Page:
How to Deal with Your Emergency Fund When it’s Almost Empty

You never know when a surprise expense might wind up in your inbox. In fact, it can arrive at the worst possible time, like when your fund is nearing empty. 

Your emergency fund is like a gas tank. Keep it full, and it’ll take you where you want to go; but at empty, it doesn’t have much mileage. You may only have enough savings to pay for half of an unexpected auto repair or medical test. 

Unfortunately, an almost-empty emergency fund is a reality of using this account as your financial safety net. After all, you can use up your emergency fund repairing your car, only for your furnace to stop working out of the blue before you can restock your savings. 

What then?

An Emergency Fund is Not the Only Way to Handle Emergencies

An emergency fund isn’t the only financial safety net available. Good thing, too. Nearly half of all Americans don’t have enough cash set aside to handle a surprise $400 expense. 

If you don’t have two dimes to rub together, here are some alternatives you may consider. 

Cash Advance Loan

If you have to deal with an urgent, unexpected expense without savings, you can always search out an online cash advance for help. A website like MoneyKey makes it easy to learn more about how a cash advance may momentarily stand in for your savings in emergencies, provided you use it responsibly.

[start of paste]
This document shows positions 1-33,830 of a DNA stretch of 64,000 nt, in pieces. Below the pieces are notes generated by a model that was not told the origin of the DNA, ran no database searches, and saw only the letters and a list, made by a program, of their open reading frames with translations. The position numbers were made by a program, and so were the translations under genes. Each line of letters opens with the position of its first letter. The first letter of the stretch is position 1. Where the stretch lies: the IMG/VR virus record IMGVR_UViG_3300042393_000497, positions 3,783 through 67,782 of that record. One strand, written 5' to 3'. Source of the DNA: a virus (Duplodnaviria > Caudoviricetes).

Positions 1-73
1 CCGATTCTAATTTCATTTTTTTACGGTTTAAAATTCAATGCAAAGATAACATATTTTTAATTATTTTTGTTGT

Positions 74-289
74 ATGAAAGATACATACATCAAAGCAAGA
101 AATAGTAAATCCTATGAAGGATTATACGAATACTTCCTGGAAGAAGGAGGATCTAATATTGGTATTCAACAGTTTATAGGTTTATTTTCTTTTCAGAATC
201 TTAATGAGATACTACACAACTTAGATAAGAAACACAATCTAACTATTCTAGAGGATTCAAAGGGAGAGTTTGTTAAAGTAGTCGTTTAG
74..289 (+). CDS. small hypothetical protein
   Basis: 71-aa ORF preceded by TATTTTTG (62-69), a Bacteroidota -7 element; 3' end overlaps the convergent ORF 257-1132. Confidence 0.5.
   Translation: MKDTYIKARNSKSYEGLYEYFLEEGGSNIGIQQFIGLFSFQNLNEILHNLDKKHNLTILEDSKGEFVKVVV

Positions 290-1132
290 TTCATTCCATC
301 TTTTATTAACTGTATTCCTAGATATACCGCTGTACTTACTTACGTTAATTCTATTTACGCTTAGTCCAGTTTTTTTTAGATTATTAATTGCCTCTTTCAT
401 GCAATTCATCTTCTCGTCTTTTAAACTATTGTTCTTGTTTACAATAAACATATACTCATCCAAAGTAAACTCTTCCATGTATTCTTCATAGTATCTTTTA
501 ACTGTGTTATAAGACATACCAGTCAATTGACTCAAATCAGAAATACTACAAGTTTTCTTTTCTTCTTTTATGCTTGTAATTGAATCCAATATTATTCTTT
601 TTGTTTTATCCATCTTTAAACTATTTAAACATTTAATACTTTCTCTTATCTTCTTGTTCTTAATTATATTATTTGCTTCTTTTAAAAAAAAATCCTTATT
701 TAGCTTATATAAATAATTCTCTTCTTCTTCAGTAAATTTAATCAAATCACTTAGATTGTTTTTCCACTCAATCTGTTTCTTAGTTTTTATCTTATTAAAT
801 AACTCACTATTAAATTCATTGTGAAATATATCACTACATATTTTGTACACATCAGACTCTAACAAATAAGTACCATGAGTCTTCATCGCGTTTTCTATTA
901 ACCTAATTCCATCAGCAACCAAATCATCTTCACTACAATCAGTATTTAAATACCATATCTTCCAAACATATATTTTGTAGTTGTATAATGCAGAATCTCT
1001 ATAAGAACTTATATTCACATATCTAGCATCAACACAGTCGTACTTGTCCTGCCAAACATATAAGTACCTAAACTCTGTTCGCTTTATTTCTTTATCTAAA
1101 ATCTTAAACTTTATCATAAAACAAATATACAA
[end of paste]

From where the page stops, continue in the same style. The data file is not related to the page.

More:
Assistance from Loved Ones

If you don’t think you can afford an online cash advance, you should consider asking a loved one for help carefully. There’s only a fifty-fifty chance it works out.

Research shows money can sour even the closest relationship, with nearly half of people who lent money to friends or family saying they experienced a negative consequence. Co-signers — people who guarantee a personal loan in another’s name — faced similar difficulties. 

Negotiate with Your Creditor

A better alternative may be to ask your creditor for assistance. Many businesses are willing to work out a plan that lets you pay back what you owe in installments, rather than one lump sum. 

At the very least, breaking up your payments this way may mean you can borrow a smaller cash advance that you can actually afford. However, you might be able to pay these installments without having to borrow at all.

Make Refilling Your Emergency Fund Your Top Priority

Take care of your unexpected expense first, then consider how you’ll refill your emergency fund. This may take some extensive work with your budget to unearth spending you can eliminate. 

If you can’t find any unnecessary spending in your budget, you have two options. Take on the tough job of limiting your essential spending (like how much you spend on rent and utilities — often by moving) or earning more income. 

What if you took on a cash advance to handle your emergency? Financial advisor Dave Ramsey says you should aim to save $1,000 instead of the typical three to six months of living expenses at first. That way, you’ll have some protection against the unknown, while you can still put most of your money towards paying down debt. You can beef up your account when you have your debt under control.